NHTSA Proposes New EV Safety Standards



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The National Highway Traffic Safety Administration (NHTSA) has proposed updated regulations that build on the current federal safety standards for electric vehicles and promote...
United States Transport
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New performance and risk mitigation regulations for light- and heavy-duty electric vehicles

The National Highway Traffic Safety Administration (NHTSA) has proposed updated regulations that build on the current federal safety standards for electric vehicles and promote alignment between U.S. domestic regulations and Global Technical Regulations (GTRs) on EV safety. The proposed standard, Federal Motor Vehicle Safety Standard (FMVSS) No. 305a, would cover light and heavy vehicles and set new performance and risk reduction requirements for EV propulsion batteries.

The new standard would effectively replace FMVSS No. 305 — extending and enhancing many of its provisions — and create new rules for specific vehicle types and rechargeable energy storage system (REESS) safety. It would also outline the vehicle safety information provided by manufacturers to first and second responders related to EV crash or fire events and other factors.

NHTSA has issued a request for feedback and comments to their proposed rule by June 14.

FMVSS No. 305a standards for light and heavy vehicles

Harmonized with GTR No. 20, FMVSS No. 305a expands the reach of FMVSS No. 305 to heavy vehicles (with a gross weight greater than 10,000 lb), including heavy school buses. Once published, FMVSS 305a will replace FMVSS 305. Vehicle-specific provisions of the proposed standard include:

  • Light vehicles: enhanced requirements for electrical system safety during operation and post-crash, in addition to new REESS requirements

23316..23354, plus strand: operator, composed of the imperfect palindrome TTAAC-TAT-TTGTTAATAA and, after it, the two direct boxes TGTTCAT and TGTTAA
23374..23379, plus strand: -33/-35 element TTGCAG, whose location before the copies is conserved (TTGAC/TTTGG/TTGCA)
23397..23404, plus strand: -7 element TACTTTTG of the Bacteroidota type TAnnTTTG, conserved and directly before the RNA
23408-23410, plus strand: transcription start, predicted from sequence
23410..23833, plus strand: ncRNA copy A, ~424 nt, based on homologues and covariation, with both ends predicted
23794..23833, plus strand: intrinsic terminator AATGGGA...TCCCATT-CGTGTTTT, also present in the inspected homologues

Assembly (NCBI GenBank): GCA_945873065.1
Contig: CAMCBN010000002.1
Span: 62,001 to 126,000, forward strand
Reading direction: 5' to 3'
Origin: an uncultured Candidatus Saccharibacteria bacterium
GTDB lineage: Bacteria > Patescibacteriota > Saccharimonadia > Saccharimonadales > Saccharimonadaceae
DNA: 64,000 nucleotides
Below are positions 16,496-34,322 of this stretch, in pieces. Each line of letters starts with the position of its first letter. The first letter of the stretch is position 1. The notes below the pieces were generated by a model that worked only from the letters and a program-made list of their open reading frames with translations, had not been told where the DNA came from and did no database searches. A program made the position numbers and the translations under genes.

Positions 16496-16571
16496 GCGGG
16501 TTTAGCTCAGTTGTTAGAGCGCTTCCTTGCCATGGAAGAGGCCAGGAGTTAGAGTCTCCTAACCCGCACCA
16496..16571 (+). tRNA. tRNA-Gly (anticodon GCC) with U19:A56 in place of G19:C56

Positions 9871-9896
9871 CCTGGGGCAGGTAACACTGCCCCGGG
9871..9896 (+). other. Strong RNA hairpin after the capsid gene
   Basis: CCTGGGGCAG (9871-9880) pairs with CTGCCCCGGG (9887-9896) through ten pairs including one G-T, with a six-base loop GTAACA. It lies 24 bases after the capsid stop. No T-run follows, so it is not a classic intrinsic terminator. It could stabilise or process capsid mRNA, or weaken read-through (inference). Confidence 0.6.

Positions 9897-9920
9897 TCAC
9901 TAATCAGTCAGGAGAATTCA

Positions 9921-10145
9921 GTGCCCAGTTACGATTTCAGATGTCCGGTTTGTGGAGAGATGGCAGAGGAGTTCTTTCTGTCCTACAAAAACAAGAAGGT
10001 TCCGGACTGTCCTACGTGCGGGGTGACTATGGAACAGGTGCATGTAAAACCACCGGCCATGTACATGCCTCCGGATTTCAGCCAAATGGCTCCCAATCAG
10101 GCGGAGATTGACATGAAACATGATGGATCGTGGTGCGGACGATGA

• Heavy vehicles: requirements for electrical system safety during operation and additional REESS requirements, but exempt from post-crash requirements
  • Heavy school buses (with gross weight greater than 10,000 lb): enhanced requirements for electrical system safety during operation, additional REESS requirements, and post-crash requirements related to unreasonable risk of electric shock and fire

Rechargeable energy storage system mandates in FMVSS No. 305a

Importantly, for the first time in an FMVSS standard, a portion of the proposed rule addresses safety concerns for EV REESS, including "comprehensive performance requirements and risk mitigation strategies." While these new requirements are structured to facilitate future updates as battery technologies and charging systems evolve, in the immediate future they would:

  • Establish REESS protection levels regarding external fault inputs
  • Ensure manufacturer-specified REESS operational thresholds
  • Increase REESS and electrical system operational safety in the event of water exposure

FMVSS No. 305a safety provisions for EV crash and fire responders

Under the proposed new standard, EV manufacturers would be mandated to provide standardized emergency response safety information (guides and rescue sheets for each vehicle make, model, and model year) for first and second responders to EV crashes and fires and for this information to be made publicly available on the NHTSA website.

NHTSA public comment window and compliance timeline

NHTSA has additionally proposed a compliance date of two years after the final rule is published in the Federal Register for stakeholders to meet the new requirements. However, small-volume manufacturers, final-stage manufacturers, and alterers will be granted an additional year to comply. As with the current FMVSS No. 305, the revised standard will adopt a "self-certification" process for implementation.

The content of this article is intended to provide a general guide to the subject matter. Specialist advice should be sought about your specific circumstances.

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